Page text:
Another study conducted in Almaty with a sample of 1200 populations showed that only 43% of the elderly populations are satisfied with the quality of medical care [29].

In Finland, a study conducted with a huge sample of 157549 populations showed that satisfaction of older people is 75%, and overall satisfaction of the population is 63% [30].

Conclusion. On the basis of the study were identified the strengths, weaknesses, opportunities and threats for domestic healthcare system and human resources for

1.After graduating of baccalaureate,

health management (Table 1).

Table 1. SWOT analysis of health care system

Strengths

Weaknesses

* Availability of strategic programs aimed at developing of human resources for health

* Availability of programs aimed at training students from rural areas

* Introduction family principles of care *Opening Health Human Resources Observatory

* The weak role of medical associations in the field of healthcare

* Low transparency of health care system

* Low salary for primary health care workers

* Uneven distribution of human resources for health in cities and villages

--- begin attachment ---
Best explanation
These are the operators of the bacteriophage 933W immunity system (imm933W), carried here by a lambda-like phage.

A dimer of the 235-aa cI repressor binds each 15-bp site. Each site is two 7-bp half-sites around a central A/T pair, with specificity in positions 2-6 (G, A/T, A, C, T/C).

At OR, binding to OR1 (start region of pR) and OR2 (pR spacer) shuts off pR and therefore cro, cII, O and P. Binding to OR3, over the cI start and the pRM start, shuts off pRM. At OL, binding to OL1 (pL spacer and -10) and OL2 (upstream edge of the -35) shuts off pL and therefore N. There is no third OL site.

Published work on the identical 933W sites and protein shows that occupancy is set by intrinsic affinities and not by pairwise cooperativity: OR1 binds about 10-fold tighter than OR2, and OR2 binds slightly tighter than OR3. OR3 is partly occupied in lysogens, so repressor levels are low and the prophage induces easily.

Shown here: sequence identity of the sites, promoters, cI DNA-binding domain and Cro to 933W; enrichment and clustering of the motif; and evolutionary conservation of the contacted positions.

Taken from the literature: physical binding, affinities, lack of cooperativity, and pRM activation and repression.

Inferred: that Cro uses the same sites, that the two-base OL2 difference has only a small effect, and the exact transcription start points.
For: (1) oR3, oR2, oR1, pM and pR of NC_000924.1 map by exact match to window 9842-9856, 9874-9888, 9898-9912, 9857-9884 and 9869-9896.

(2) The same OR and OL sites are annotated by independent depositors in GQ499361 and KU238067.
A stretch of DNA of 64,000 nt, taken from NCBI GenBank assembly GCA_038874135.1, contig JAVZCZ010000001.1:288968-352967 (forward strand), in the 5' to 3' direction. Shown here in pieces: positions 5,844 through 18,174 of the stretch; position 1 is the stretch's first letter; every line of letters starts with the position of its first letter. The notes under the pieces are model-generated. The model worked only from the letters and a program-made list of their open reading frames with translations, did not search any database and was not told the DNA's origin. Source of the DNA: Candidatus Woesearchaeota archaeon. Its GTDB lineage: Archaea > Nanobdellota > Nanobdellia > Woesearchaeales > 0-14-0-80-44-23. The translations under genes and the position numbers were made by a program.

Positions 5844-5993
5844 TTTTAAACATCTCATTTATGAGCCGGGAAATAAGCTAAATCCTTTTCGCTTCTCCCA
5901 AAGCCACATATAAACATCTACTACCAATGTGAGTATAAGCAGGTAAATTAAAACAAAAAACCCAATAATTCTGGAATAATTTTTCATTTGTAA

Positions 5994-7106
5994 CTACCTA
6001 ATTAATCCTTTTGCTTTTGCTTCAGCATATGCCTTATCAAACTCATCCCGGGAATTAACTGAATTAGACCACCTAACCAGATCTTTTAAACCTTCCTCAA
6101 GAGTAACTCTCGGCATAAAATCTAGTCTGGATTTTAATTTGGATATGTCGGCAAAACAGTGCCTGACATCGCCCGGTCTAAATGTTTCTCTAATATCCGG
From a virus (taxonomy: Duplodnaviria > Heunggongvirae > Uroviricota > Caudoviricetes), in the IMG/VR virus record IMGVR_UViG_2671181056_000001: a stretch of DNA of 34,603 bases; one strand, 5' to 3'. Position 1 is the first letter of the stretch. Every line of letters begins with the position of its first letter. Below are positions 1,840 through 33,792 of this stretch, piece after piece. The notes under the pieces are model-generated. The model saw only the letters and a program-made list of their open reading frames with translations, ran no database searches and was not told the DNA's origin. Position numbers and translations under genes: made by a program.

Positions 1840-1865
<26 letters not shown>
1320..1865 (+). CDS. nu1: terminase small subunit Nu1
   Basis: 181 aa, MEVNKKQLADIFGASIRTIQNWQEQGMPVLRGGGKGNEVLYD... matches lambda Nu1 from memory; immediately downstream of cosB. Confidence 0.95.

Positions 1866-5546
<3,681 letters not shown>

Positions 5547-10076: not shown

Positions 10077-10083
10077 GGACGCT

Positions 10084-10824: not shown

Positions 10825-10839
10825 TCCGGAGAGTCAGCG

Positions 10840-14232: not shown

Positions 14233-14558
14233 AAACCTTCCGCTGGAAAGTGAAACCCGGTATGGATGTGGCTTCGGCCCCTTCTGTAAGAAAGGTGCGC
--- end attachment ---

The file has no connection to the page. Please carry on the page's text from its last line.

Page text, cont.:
* Lack of separation of nurses in various specialties, low status of nurses

Opportunities

  • * Increased financing of health care system through introduction of compulsory social health insurance
  • * Improving the quality of medical care through competition of medical organizations * Improving the quality of human resources for health planning and forecasting, on the basis of observatory of human resources for health
  • * Integration of health information systems on the basis of the implementation of e-health program
  • * Support of science in health care through providing reliable data on e-health
  • * Increasing salary for physicians and nurses * delegation of responsibilities, as a result of development of high-quality clinical protocols

Threats

  • * Lack of human resources due to the rapidly growing demand for general practitioners
  • * Lack of funding as a result of poor implementation and introduction of mandatory medical insurance
  • * Inconsistencies of general practitioners competences to the needs of the population and to the reforms being introduced (for example, delegation of patients with tuberculosis to general practitioners)
  • * Low attractiveness of the general practitioner and nursing professions as a result of the low status and salaries of general practitioners and nurses
  • * Loss of patient data privacy due to the introduction of electronic technology in health care system

 

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Year: 2019
City: Almaty
Category: Medicine